But, I didn’t think of the ideas I suggest in the book Proyect is commenting on, until after I went to Senator Sanders’s panel discussion on July 30, and decided to quickly write an e-book about it in order to get the anti-austerity perspective out there. Then I revisited the NC and billyblog posts again, and only then did I realize that I might or might not, know something that might be useful to the discussion.

As for Kapow’s name. It’s a software company. They use names they think are “innovative.” Why is that relevant except to try to marginalize my idea without actually confronting it in argument? Could it be that Louis Proyect doesn’t know anything about the areas of “wrapping” mainframe applications and web service-enabling them?

And, I’m not trying to hold myself out as an expert in the above area, either. What I know is that these things have been done by very large companies and government agencies with legacy systems, are done today, and will be done tomorrow. Mash-ups are also used routinely in web applications today. The most well-known of which is the Google maps application.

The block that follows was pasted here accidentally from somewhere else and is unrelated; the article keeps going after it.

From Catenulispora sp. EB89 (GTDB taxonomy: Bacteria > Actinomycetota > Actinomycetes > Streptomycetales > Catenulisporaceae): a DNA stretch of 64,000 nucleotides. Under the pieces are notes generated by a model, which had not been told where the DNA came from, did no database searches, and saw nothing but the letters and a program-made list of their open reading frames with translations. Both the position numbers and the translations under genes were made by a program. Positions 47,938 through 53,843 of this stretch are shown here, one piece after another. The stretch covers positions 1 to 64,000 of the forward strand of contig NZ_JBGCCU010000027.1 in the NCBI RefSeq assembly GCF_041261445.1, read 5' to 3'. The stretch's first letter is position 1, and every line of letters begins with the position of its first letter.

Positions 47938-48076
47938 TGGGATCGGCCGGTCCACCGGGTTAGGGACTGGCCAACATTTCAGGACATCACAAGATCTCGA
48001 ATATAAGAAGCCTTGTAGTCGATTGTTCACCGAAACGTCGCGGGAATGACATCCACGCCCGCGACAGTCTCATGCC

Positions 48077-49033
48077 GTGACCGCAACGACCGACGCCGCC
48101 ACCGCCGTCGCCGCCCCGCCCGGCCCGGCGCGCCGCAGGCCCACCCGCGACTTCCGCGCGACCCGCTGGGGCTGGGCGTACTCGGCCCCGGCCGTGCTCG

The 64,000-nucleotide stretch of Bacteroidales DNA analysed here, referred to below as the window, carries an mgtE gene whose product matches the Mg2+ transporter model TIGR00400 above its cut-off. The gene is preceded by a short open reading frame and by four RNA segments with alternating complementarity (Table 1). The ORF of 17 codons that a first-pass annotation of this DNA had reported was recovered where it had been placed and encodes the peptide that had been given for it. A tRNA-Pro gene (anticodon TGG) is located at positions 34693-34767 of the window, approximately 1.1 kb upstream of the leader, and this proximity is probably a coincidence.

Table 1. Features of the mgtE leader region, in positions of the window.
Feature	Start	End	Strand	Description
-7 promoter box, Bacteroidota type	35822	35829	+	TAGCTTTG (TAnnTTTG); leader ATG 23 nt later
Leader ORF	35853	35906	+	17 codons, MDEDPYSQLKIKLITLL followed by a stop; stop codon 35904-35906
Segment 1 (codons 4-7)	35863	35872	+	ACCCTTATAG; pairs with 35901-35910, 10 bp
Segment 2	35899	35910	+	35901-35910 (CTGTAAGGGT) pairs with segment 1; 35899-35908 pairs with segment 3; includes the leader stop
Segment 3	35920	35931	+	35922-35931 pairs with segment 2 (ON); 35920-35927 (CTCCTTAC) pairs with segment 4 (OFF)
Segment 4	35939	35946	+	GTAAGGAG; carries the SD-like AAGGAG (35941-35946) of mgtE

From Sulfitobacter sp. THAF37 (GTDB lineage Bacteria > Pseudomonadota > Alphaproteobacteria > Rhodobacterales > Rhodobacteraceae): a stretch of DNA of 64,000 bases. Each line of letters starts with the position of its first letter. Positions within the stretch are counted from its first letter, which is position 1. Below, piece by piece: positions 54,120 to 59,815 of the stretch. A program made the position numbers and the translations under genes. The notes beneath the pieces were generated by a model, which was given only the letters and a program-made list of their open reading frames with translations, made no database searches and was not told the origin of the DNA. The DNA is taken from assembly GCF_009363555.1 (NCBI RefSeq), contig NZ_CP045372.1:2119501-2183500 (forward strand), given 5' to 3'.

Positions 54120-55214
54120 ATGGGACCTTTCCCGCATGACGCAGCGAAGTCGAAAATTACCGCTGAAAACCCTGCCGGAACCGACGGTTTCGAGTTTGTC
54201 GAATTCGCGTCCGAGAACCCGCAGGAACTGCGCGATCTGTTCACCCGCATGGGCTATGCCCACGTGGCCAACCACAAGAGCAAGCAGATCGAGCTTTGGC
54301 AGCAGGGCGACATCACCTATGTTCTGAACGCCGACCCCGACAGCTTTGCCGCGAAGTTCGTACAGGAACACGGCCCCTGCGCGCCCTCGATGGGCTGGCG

While this software no doubt works as advertised in terms of integrating different systems under a web-based front end, it has little to do with the complexities of batch processing—the meat and potatoes of all banking applications for which there is no user interface.

That’s quite true; but it is also irrelevant, because I didn’t suggest that Kapow could do anything about these complexities, only that it could help to produce a “mashup” integrative application; one of whose components would be an unchanged mainframe legacy application accepting euro inputs and producing euro outputs as it always had. Incidentally, Kapow would not be the tool that would be used to actually wrap the mainframe legacy application for the web.

That would be done by tools produced by either of the other two companies mentioned in my book. The sequence is that one of them is used for “wrapping” and web-enabling if necessary, and then Kapow or some other application is used for web service-enabling the mainframe application within the web services architecture to create the necessary mash-up application.

Next, Louis Proyect makes the one comment directly addressing the substance of one of the proposed alternatives in my book: